The state of Connecticut and its budget lay prostrate asunder the unsteady hands of Doctor Malloy; he told the mangled state of Connecticut that he truly wanted to get the budget in order, so that the state would be “open for business”. Upon looking at the “balanced-budget proposal” sent out by the Governor’s office yesterday, it becomes all too clear that the Governor lacks the necessary leadership, knowledge and vision to get Connecticut back on the right track. Many of the reduction in agencies’ budgets have come from eliminating the “funded vacancies” spread throughout our state government. The Governor has stated that it was his priority to get our fiscal house back in order, yet in his first “lighting-passed” budget he not only increased taxes and gave raises to unionized workers but kept thousands of government jobs that were funded, but vacant [that is a hell of a lot of ‘nothing’]. Further, to be an economically competitive state, naturally one would expect incentives for companies to move their headquarters to the quiet, green pastures of Connecticut. On July 1, 2011, the day after the General Assembly awarded the largest increase in Executive authority in state history, they brought to life another state record: the largest tax increase Connecticut has yet seen of almost $2 billion.

With the recent CIGNA deal, an insurance company that has moved their headquarters to Connecticut in return for creating 200 jobs and a tax break of nearly $50 million, the Governor insisted that his First-Five Jobs Plan was working, here is what Courant columnist Kevin Rennie had to say about the CIGNA deal:

Those jobs come with a hefty price tag in a season of discontent. The state will provide at least $47 million in incentives to CIGNA for adding a minimum of 200 jobs to the 3,900 it must maintain here. That could be a subsidy of as much as $235,000 per job for the company that does business in dozens of countries. Part of the deal includes a $15 million interest-free loan that will be forgiven if CIGNA meets the requirements of the agreement.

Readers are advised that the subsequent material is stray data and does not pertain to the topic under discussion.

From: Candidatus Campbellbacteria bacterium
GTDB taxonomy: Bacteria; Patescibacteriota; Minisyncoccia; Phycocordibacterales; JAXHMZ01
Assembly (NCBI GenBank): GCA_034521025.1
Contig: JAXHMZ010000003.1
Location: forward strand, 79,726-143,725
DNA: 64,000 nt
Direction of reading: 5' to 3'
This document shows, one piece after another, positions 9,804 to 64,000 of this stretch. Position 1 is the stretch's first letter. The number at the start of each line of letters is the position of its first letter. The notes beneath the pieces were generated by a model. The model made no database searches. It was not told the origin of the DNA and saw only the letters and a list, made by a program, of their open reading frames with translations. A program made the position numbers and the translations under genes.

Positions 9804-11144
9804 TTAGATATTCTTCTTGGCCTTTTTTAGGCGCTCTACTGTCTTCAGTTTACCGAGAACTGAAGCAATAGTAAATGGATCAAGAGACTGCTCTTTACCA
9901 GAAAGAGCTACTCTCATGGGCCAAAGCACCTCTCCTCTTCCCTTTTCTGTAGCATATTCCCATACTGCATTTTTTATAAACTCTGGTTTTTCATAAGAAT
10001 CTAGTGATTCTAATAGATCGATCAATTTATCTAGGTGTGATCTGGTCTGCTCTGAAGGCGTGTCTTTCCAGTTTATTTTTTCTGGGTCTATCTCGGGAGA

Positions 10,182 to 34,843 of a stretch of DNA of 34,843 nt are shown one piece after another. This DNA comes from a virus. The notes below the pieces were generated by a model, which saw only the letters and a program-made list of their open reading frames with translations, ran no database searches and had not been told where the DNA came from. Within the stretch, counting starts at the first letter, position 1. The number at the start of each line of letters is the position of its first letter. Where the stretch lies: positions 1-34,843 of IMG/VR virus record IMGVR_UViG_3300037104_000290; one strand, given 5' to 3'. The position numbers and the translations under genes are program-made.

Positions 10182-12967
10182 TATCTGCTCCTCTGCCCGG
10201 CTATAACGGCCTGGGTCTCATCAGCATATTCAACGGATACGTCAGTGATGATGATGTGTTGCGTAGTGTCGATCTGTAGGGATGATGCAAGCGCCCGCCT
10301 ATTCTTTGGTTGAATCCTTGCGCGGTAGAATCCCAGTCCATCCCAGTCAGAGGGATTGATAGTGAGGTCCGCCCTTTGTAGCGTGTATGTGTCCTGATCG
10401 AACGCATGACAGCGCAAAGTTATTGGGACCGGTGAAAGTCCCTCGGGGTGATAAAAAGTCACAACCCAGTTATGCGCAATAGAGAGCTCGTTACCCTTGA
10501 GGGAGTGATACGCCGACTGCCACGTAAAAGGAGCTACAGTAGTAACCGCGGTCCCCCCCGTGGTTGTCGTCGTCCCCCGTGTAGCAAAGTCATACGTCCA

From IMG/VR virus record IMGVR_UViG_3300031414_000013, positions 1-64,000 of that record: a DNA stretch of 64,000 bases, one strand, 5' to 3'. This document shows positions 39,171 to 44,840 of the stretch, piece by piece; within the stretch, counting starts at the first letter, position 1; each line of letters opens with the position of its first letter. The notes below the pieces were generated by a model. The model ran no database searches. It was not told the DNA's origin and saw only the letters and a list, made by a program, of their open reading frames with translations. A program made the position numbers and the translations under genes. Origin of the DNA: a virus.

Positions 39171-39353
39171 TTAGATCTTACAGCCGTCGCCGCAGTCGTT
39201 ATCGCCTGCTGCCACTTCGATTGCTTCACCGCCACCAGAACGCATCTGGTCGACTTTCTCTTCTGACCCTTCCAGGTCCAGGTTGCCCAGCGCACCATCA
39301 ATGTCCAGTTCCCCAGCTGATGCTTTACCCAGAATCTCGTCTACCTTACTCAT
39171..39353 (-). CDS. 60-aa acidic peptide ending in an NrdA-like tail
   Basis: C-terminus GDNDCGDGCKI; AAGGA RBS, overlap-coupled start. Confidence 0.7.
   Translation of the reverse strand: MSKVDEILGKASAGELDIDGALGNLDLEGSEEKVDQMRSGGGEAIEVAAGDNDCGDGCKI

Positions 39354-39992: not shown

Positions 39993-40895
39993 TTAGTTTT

This is only the tip of the iceberg when it comes to the effects of Malloy’s policies on not only the financial health of hits individual citizens but also the growth of the state’s economy as well.

Connecticut has a rich and vibrant history within the United States of America, starting well into the founding of our Colonial beginnings. Our state has had leaders who created an economically competitive environment, challenged the status quo helping to establish the comfortable climate enjoyed today. Connecticut did not earn the reputation as the Constitution state or the Land of Steady Habits for doing nothing, promoting stagnation or a single, unbending political ideology. If Connecticut is to save itself, if Connecticut is to truly recover from the illusion it has been suffering from as of late, it will need to seek a balanced political approach, break its one-party shackles and manifest the courage to become a state all others seek to model after. We have the great, and unique, opportunity to become a genuine economic and political leader of this country, all we have to do is act, but act with courage. And also find that wretched exist from this road less travelled…..